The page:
Plymouth College of Art offers apprenticeships specifically designed for the Creative Industries. As a specialist art college we provide industry relevant training to help you get a head start in your creative career. As an apprentice you will work full time for a company, gaining ‘on the job’ experience and allowing you to earn while you learn!
What will an apprenticeship give you?
- 12 to 18 months work experience
- Day or block release to college to further your knowledge
- A qualification relating to the skills you will gain at work
- A qualification for the college course
- Support in English, Maths and ICT
- Knowledge of employment rights (ERR) and personal development (PLTS)
- Pathways available at Intermediate or Advanced level
Apprenticeships available in...
Creative & Digital Media, Design, Digital & Machine Print, Photo Imaging, Cultural Heritage, Community Arts, Fashion & Textiles, Ceramics Manufacturing
Are you eligible?
You should be a non-graduate who is motivated, ambitious and looking to start out in a career within the creative industries. Training for 16 to 18 year olds is a priority and fully-funded, training for 19 to 24 year olds is part funded, with employers expected to make a part or full contribution.
How much will you get paid?
The employer is responsible for paying your salary. The National Minimum Wage requires all apprentices to be paid a minimum of £2.65 per hour. This applies to 16 to 18 year olds and to those aged 19 and over in the first year of their Apprenticeship. Those aged over 19 should be paid the normal National Minimum Wage for their age after their first year in training. Apprentices will work a minimum of 30 hours per week.
Finding your own apprenticeship?
Many apprentices complete work experience prior to their apprenticeship and at times this can lead directly to employment as an apprentice. Work experience can be an important learning experience for you and a real insight into what an apprenticeship in your chosen job may be like.
The first step in finding your own work placement is to identify the companies that you wish to contact. Many jobs are never advertised and so making a 'speculative' approach to a company can be a useful way of getting a foot in the door. Use the internet to research companies that may be able to offer the experience that you require. Remember to consider the distance and cost of travel as you will have to pay this out of your apprenticeship wage.
To make an approach to a company it is normal to send a CV and covering letter. The layout and content of the CV can differ but should include your name, contact details, education history and work experience. Within your covering letter you get the chance to explain to the company why they should employ you. To do this you should explain your motivation for the job, what relevant skills you have and why you are the suitable candidate. Remember to include your experience from work, education and your own time. If you are applying for a creative job then this is also a chance to include some of your own artwork such as graphic design work or photographs.
To be able to complete an apprenticeship you must be employed by a company and we request that this is for a minimum of 30 hours per week. The business for which you work must allow you the time, opportunity and resource necessary to work towards the qualification.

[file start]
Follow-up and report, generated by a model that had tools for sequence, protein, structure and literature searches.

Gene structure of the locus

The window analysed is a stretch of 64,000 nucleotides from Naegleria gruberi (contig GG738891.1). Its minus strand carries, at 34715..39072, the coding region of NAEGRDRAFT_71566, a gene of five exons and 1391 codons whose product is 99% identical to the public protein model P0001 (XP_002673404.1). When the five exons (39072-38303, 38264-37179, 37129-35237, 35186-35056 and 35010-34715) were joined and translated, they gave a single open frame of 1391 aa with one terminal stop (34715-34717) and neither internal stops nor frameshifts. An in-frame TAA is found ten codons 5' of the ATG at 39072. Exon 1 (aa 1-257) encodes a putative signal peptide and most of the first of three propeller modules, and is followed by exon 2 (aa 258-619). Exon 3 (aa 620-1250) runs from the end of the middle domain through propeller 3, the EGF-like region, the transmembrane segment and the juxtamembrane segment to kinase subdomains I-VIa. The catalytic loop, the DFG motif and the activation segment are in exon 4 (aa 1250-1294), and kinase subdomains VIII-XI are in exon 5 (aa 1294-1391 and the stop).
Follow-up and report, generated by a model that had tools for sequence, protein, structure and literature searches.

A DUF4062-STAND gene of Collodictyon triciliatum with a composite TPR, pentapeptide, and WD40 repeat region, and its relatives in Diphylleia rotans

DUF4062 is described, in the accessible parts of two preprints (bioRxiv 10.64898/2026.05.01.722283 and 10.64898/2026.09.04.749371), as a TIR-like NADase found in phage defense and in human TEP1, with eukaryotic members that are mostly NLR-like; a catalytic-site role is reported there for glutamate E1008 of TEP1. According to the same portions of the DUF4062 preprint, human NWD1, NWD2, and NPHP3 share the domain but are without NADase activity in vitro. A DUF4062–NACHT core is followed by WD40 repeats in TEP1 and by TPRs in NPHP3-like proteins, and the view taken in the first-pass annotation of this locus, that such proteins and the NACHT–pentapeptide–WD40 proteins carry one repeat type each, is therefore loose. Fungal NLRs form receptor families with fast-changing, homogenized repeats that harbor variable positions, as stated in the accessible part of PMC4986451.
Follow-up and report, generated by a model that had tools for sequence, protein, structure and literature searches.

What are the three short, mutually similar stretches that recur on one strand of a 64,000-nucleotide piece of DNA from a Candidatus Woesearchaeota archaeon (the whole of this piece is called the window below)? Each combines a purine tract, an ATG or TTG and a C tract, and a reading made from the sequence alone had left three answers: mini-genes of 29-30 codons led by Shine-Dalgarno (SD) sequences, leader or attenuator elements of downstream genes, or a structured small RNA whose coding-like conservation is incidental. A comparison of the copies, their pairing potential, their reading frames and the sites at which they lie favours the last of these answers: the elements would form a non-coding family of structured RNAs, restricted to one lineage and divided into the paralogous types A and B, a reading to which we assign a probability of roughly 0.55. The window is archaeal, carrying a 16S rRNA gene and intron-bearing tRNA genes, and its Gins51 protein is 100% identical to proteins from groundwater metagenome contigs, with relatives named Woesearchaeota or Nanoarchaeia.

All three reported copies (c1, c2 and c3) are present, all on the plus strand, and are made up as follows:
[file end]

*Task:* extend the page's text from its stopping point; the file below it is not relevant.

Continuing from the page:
How to apply
All current apprenticeship vacancies are advertised on the National Apprenticeship Service website. The system allows you to apply for vacancies online and to monitor the status of your application. You can also set up job alerts if there are no vacancies that currently match your interests.
Search and apply for apprenticeship vacancies online: www.apprenticeships.org.uk
If you are having any difficulties applying or have questions about an application please get in touch:
email@example.com | 01752 205714
What our Students say
Tim Singer - Photo-imaging apprentice, Viewpoint, Bath
I studied Photography and Film A levels and thought about going to uni, but decided it was too expensive and that an apprenticeship would put me ahead. I was doing unpaid work experience with Viewpoint and my boss suggested this scheme. At College I get a different perspective about how photography can be used. I can think about my own work and develop a portfolio for when the apprenticeship ends. I’m intrigued by the historical development of photography. It’s nice to have another place to come to and do a different kind of work that’s more reflective. It makes me appreciate the experience I get in my job too.
Jordan Airzee - Creative and Digital Media Apprenticeship, Twofour, Plymouth
“It’s brilliant. I was thrown in at the deep end but it all its together. I work in the IT team at Twofour, while the College training helps with the wider view. I want to stay in employment when I finish here, but if I need them, I’ll have the qualifications for uni – so all my options are open. Financially, it isn’t much, but it makes all the difference. I’ve got more independence and I’m learning how to look after my money. I’d recommend an apprenticeship to anyone. It’s very competitive but it’s a good option.”
Jordan Shahin - Creative and Digital Media Apprenticeship, Twofour, Plymouth
“The world of work is very different from being in education, but I have a strong work ethic. I like the recognition and rewards of working. TwoFour are laid back and friendly, and the link with the College has made working life more enjoyable – it breaks up the week and lets me step back into education to develop my own ideas. I think it makes me a better all round employee. After the apprenticeship I plan to travel for a year, but I’ll come back to the media industry”